Grumpy’s in Wales
Four of the club arrived; Roger, Roy and Dave accompanied my dad Allan on the trip, with Dave (with characteristic behaviour) riding his Bantam down from Berkshire to Bwlch. I’d already picked up the other bikes on trailer the previous week,
This years bikes, were the three Bantam’s from last year (though Roger’s was now more traditional black rather than last years orange) and my DT175 which I’d brought back from Belgium. Roy had a 4-stroke ex-WD BSA, which was by far the most powerful bike, but was nicely shod in trials tyres.
Whilst Dave was riding down, (5 hours + including diversions as a result of a gas leak in Abergavenny), the others arrived by car, prepped the bikes and set off. I was working so caught up with them after a trip to Crickhowell, across Llangynidr mountain and then back to Llangorse and a bacon sandwich at the cafe there. A nice warm up ride and then back to Bwlch to meet with Dave whilst I think made chicken curry before adjourning to the New Inn. A disappointing pint if truth be told and some discussion about the weather for the week. Tomorrow was going to be the finest day by far and so get out and get some riding in.
A route planned to take the team out over Mynnyd Eppynt and then across the Cambrian’s to Llyn Brianne was the order of the day.
View Grumpy Club Route 1 in a larger
I needed to fix a laptop before we left, but luckily it turned up early and we set off with some sunshine (not seen for a few weeks). Down the back way into Brecon and through town and on the excellent B road through Lower and Upper Chapel, before taking the left-fork across the Army ranges towards Llangammarch Wells.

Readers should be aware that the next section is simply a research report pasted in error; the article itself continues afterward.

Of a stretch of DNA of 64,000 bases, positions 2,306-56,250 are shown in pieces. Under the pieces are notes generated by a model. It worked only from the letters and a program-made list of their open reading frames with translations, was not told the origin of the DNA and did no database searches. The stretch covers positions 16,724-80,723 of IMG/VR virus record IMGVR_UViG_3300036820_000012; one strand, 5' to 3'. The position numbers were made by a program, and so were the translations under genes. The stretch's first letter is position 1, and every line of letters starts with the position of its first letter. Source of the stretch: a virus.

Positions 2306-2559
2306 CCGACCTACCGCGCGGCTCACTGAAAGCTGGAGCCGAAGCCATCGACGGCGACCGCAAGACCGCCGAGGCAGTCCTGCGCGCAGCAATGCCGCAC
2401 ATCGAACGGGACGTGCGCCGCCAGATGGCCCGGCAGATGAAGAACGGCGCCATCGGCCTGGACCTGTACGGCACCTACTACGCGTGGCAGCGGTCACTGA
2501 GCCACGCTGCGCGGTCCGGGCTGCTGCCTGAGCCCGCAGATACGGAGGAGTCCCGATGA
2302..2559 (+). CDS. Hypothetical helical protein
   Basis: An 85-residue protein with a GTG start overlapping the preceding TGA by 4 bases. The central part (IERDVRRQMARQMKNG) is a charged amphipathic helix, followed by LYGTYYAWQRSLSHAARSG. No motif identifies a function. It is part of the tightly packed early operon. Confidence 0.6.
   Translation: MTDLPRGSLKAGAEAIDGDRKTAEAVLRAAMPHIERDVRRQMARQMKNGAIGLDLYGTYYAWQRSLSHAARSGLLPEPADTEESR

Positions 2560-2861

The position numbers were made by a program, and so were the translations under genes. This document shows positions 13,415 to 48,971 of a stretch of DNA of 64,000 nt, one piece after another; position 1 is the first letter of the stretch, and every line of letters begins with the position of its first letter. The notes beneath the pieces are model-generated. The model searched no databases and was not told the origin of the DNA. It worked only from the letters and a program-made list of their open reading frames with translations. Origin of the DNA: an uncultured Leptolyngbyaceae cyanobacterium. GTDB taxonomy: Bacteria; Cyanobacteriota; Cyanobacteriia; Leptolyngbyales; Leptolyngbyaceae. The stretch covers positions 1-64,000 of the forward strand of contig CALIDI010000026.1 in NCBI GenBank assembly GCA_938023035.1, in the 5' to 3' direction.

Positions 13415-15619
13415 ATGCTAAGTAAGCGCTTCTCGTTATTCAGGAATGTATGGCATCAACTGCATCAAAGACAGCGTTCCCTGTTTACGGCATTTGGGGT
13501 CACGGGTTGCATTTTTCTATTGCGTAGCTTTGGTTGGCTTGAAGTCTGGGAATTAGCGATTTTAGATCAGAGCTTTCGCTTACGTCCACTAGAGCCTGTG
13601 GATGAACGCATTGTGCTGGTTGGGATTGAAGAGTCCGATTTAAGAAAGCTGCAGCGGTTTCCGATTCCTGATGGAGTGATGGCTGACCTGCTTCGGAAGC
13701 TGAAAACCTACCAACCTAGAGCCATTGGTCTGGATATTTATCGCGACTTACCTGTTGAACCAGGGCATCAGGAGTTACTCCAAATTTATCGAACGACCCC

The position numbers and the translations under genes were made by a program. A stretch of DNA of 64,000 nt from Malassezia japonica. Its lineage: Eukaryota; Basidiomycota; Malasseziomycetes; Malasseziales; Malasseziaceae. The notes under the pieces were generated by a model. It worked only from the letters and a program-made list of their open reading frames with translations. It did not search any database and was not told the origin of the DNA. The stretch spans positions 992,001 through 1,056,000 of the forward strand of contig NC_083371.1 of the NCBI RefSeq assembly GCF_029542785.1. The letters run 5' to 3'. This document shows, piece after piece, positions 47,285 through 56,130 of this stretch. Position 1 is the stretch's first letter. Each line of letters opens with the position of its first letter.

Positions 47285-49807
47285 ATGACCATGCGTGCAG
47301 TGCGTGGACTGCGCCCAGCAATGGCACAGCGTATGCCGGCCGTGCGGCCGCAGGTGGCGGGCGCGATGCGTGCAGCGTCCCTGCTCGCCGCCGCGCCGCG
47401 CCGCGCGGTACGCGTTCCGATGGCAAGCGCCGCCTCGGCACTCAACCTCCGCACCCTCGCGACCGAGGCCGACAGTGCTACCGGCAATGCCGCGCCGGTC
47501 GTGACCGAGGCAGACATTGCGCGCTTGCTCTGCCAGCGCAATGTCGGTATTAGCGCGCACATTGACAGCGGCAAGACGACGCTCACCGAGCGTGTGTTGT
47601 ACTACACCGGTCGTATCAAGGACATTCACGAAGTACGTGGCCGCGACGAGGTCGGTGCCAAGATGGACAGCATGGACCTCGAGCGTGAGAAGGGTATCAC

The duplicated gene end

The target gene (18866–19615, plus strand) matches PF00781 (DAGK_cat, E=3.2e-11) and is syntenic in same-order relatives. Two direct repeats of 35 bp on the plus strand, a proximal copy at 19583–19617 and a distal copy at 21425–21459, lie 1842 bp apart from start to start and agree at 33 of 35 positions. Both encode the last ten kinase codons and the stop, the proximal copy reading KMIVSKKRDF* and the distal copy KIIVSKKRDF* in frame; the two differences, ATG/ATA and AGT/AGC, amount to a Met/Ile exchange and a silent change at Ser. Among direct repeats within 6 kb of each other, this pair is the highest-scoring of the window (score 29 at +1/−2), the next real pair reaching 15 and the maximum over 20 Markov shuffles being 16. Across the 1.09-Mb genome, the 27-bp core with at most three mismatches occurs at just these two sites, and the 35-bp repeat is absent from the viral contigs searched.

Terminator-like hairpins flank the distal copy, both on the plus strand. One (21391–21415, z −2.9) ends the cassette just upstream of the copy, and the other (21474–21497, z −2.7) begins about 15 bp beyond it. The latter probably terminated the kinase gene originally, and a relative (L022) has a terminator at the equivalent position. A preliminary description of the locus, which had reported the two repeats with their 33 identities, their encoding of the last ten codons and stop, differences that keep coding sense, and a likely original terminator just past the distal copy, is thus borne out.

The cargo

Quick stop on what used to be the Drover’s Pub, not functional since 1940, when the Epynt was cleared of people to make an artillery firing range. Interestingly (and not known until I was writing this up, it seems that this was also the home of Mainland TT races in 1940’s and 50’s . Now a remote spot, once a thriving community and a lifestyle lost.
Over the top and down the escarpment on into Beulah. Refueling not needed as we headed up the long single track lane through to Abergwesyn and the road across to Tregaron. it’s a brilliant route across the Cambrian Mountains and the steep inclines (1:4 / 25%) and sharp bends make it interesting on a small two-stroke. A few forestry lorries around to keep you on your toes, who must be well coordinated in order to prevent interesting roadblocks.
We took the road down round Soar y Mynnyd (where there is a good green lane route across to Llandewi Brefi), before continue towards Tregaron (this deviating from the original route, based on the fact it was a nice day and we were going well). A packed lunch had been provided for the Grumpies and we stop in a forestry picnic spot, which was nicely away from the road. The DT reverted to it’s previous starting problems and it was back to dropping fuel down the plug hole to get it running. Not perfect.
The petrol station in Tregaron sums up the place really, Attended Service with a slight attitude, but nothing menacing or overtly hostile (unlike a cricket match I played there in 1994)